Threats against Obama: Michael Stephen Bowden is just the latest

Nearly 1 in 10 US presidents have been assassinated or wounded in office. The Secret Service has made more than a dozen arrests in the past two years for threats against Obama. Retiree Michael Stephen Bowden is the latest.

Spartanburg County Detention Center/AP
This booking photo taken Nov. 23, and provided by the Spartanburg County jail, shows Michael Stephen Bowden of Woodruff, S.C. Bowden, a former New York City policeman, was arrested earlier this month after he told a nurse at a Veterans Affairs clinic in Spartanburg he was thinking about killing President Barack Obama.

The arrest of former New York City cop Michael Stephen Bowden for telling a Secret Service agent he'd like to put President Obama up against a wall and shoot him underscores the daily threat matrix for a job that is much more dangerous than, say, the harrowing experience of Bering Sea fishermen as dramatized on the popular TV show "The Deadliest Catch."

Nearly 1 in 10 presidents have been assassinated or shot while in office (the last being Ronald Reagan, in 1981), with another 11 escaping assassination attempts unscathed.

The Secret Service has been particularly busy chasing down threats to Mr. Obama, who faced a barrage of death threats and at least one credible assassination plot while a presidential candidate and since taking office in January 2009.

Last summer, author Ron Kessler wrote that Obama was receiving 30 death threats a day. Other reports state that federal agents had seen a 400-fold increase in threats from President George W. Bush's last year in office. Secret Service head Mark Sullivan later pushed back at that assertion, saying "threats are not up" in the Obama era.

Nevertheless, in the past two years the Secret Service has arrested more than a dozen Americans for posing credible threats to the president. Because of concerns about his safety, candidate Obama received Secret Service protection earlier than any other presidential hopeful in US history. The Secret Service doesn't publicize most threats, fearing that they could inspire copycat attempts.

The most famous Obama assassination plot involved two neo-Nazi skinheads in Tennessee, who were accused in late 2008 of planning to shoot 88 black people, behead another 14, and then kill Obama. Both men pleaded guilty this year to charges of conspiring to kill Obama.

According to the law, "Whoever knowingly and willfully deposits for conveyance in the mail or for a delivery from any post office or by any letter carrier any letter, paper, writing, print, missive, or document containing any threat to take the life of, to kidnap, or to inflict bodily harm upon the President of the United States ... shall be fined under this title or imprisoned not more than five years, or both."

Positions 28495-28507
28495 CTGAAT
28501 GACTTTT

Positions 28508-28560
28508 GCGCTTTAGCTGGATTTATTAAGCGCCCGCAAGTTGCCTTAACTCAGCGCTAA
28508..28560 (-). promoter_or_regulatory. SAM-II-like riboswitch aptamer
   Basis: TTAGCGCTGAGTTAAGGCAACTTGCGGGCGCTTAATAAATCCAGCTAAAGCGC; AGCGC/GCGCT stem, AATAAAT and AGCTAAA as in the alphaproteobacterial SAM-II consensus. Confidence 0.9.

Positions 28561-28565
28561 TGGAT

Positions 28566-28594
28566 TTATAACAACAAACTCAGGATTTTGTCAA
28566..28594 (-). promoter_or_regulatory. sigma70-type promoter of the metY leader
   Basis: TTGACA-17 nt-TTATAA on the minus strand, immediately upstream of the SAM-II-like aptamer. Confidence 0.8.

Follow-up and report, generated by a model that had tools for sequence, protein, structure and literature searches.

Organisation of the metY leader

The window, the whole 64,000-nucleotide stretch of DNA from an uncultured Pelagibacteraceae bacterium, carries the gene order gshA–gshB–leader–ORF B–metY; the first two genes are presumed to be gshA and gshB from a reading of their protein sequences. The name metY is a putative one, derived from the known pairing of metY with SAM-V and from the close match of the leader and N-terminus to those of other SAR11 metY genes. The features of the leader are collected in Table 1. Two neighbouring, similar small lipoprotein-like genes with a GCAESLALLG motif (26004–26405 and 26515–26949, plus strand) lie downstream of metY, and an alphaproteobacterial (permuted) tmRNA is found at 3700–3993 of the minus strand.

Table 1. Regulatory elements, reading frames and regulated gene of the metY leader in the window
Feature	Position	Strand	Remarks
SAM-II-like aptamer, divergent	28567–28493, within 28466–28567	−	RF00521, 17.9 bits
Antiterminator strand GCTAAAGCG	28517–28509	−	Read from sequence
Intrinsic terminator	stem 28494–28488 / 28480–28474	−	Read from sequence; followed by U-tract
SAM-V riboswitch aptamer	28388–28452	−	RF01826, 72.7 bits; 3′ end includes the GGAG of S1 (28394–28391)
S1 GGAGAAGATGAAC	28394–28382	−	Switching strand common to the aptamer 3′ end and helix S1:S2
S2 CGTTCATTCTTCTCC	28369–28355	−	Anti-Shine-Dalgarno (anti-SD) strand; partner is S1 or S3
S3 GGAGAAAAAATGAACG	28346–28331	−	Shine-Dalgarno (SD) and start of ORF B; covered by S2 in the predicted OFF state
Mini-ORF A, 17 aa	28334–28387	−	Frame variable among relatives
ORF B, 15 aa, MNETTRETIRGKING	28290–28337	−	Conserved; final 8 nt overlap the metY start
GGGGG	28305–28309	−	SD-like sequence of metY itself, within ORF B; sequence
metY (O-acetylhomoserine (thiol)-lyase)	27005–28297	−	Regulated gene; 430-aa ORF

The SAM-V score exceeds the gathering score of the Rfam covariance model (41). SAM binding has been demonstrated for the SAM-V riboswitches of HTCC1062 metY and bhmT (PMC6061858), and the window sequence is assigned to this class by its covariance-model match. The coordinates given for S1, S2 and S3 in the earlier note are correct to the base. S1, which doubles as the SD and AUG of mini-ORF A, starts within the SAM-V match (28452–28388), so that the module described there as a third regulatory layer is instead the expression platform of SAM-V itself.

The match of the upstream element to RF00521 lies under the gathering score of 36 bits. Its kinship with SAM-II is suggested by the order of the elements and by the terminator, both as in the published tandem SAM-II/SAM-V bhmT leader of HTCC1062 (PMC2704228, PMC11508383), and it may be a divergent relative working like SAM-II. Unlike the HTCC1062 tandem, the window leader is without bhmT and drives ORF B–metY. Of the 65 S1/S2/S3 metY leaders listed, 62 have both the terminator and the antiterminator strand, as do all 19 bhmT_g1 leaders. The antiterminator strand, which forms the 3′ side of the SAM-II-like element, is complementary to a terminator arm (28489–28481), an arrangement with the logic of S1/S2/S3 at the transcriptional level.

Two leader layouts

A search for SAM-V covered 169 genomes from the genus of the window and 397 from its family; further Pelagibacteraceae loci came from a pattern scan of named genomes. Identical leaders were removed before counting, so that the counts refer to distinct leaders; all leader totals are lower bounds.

Vermont comedian Chris King was arrested Oct. 8 for tweeting: "I am dying inside. And I am plainly stating to you that I am going to kill the president.” Such "death tweets" on the social media network Twitter have figured in several high-profile threat arrests.

"Read literally, the threats-against-the-president statute could apply to someone overheard mouthing off in a bar ..., though authorities aim to prosecute only those individuals deemed to pose credible threats," writes Andy Bromage for Seven Days, a Vermont-based news website. "In King’s case ... his repeated threats online, his mental condition and the fact that he owned guns ... persuaded authorities he posed a risk."

While the vast majority of threats are not serious, authorities ignore threats at the president's peril. In 1994, few people took Francisco Martin Duran seriously when he said he planned to assassinate President Bill Clinton. On Oct. 29, 1994, Mr. Duran unloaded 29 rifle rounds into the White House, injuring no one. In 2001, Secret Service agents shot and then arrested Robert Pickett, an Indiana man, after gunshots were heard outside the White House fence while Mr. Bush was in residence..

Despite such dangers, Secret Service protection insulates presidents from everyday life, which can affect their job performance. "You cannot shake the bubble," writes former presidential speechwriter Peggy Noonan in The Wall Street Journal, about Obama's political problems. "And the worst part is that the army of staff, security and aides that exists to be a barrier between a president and danger ... winds up being a barrier between a president and reality."

Mr. Bowden, an ex-N.Y.C. policeman and firefighter who had retired to South Carolina, didn't write down his threats, but Secret Service were alerted by a Veterans Administration counselor after Bowden said he "was thinking of traveling to Washington, D.C., to shoot the president because he was not doing enough to help African-Americans."

Bowden, who is white, didn't deny the threat when talking to Secret Service officers, and even went on to tell them, "If I had the opportunity, I would shoot [Obama] myself. If I had the opportunity to get Obama against the wall and shoot him, I would." A small arsenal of loaded weaponry was found in Bowden's South Carolina home.

After making a court appearance, Bowden is undergoing mental evaluation through the federal prison system. His son told news outlets that Bowden, in his seventies and in deteriorating health, isn't physically capable of carrying out the threat.

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